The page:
Roller coaster lover John Ivers says he never had much opportunity to visit amusement parks. So he found a novel means of enjoying the rides, building two of them in his backyard near Vincennes, Ind., using scrap metal and parts scavenged from the shop where he works.
Ivers' first coaster, The Blue Flash, features a 20-foot hill and a loop. After he built it, Ivers said, "I realized my grandkids were just toddlers and couldn't ride this. It's pretty much an adult ride. So, I had to build another coaster that they could ride." The result was Blue Too, a kid-friendly coaster, on which Ivers said he actually took his time and did a better job.
The project couldn't have been easy: The Blue Flash, which was built more quickly, took Ivers almost two years of work. But it seems to have paid off enormously. In fact, it sounds like Ivers' home has become something of an attraction. "We've met so many people because of it," he said, "which, you know, I never thought about all that in the beginning. I didn't build it for that. It was just something unique to have fun on, for the kids and grandkids, and this turned out to really be something special."
Ivers' roller coasters are an especially appealing backyard modification, but here are a range of other unusual projects that have made news on AOL Real Estate:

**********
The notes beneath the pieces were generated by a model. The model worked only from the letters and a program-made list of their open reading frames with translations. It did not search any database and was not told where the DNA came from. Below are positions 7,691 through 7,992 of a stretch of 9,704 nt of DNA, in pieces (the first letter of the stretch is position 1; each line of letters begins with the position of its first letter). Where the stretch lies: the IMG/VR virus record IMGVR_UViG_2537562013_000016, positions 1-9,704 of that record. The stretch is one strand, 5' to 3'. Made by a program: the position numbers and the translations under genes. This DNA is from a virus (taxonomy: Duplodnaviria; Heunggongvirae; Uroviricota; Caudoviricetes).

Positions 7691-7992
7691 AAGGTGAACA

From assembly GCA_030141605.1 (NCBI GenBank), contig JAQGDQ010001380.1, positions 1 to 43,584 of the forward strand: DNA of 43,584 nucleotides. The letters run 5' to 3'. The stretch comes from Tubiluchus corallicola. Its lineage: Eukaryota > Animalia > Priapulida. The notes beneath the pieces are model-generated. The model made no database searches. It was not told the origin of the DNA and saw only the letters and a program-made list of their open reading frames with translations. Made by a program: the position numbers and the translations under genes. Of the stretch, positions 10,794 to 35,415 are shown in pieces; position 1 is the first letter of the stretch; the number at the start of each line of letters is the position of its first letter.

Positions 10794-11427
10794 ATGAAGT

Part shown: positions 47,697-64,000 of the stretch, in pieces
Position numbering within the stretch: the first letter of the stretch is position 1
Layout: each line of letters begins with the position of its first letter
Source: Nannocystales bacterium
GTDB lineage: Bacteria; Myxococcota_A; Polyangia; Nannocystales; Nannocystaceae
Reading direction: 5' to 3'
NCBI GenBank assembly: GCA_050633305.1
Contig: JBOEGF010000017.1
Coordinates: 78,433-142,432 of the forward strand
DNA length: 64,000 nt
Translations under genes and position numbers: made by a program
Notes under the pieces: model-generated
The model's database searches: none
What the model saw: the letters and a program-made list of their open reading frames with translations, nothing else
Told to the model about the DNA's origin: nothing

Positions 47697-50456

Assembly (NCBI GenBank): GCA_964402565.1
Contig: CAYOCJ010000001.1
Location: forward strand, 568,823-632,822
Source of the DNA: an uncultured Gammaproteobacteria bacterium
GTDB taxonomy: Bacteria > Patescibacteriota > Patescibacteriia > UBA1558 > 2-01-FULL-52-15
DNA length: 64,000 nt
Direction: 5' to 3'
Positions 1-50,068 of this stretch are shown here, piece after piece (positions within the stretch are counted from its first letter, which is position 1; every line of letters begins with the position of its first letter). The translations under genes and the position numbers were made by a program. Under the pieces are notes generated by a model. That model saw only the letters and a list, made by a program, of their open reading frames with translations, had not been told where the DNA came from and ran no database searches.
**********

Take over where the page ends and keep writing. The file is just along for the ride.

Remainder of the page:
• An English homeowner spent 13 years digging a mine below his backyard garden as an exercise in historical understanding.
• A pilot in California wanted to build a helipad in his backyard so he could operate his chopper business from home, but was denied permission.
• A private equity executive who owns a former residence of Richard Nixon's irked the neighbors with his constant renovations, including the installation of a backyard hockey rink.
• A Portland, Ore., homeowner used a salvaged claw-foot bathtub to craft an outdoor spa for a fraction of the usual price.
• A landscape architect and ordained minister in Tennessee built a 10-story, 10,000-square-foot treehouse at God's urging. Featuring a chapel and an indoor basketball court, "God's treehouse" took 11 years to complete but cost only $12,000.
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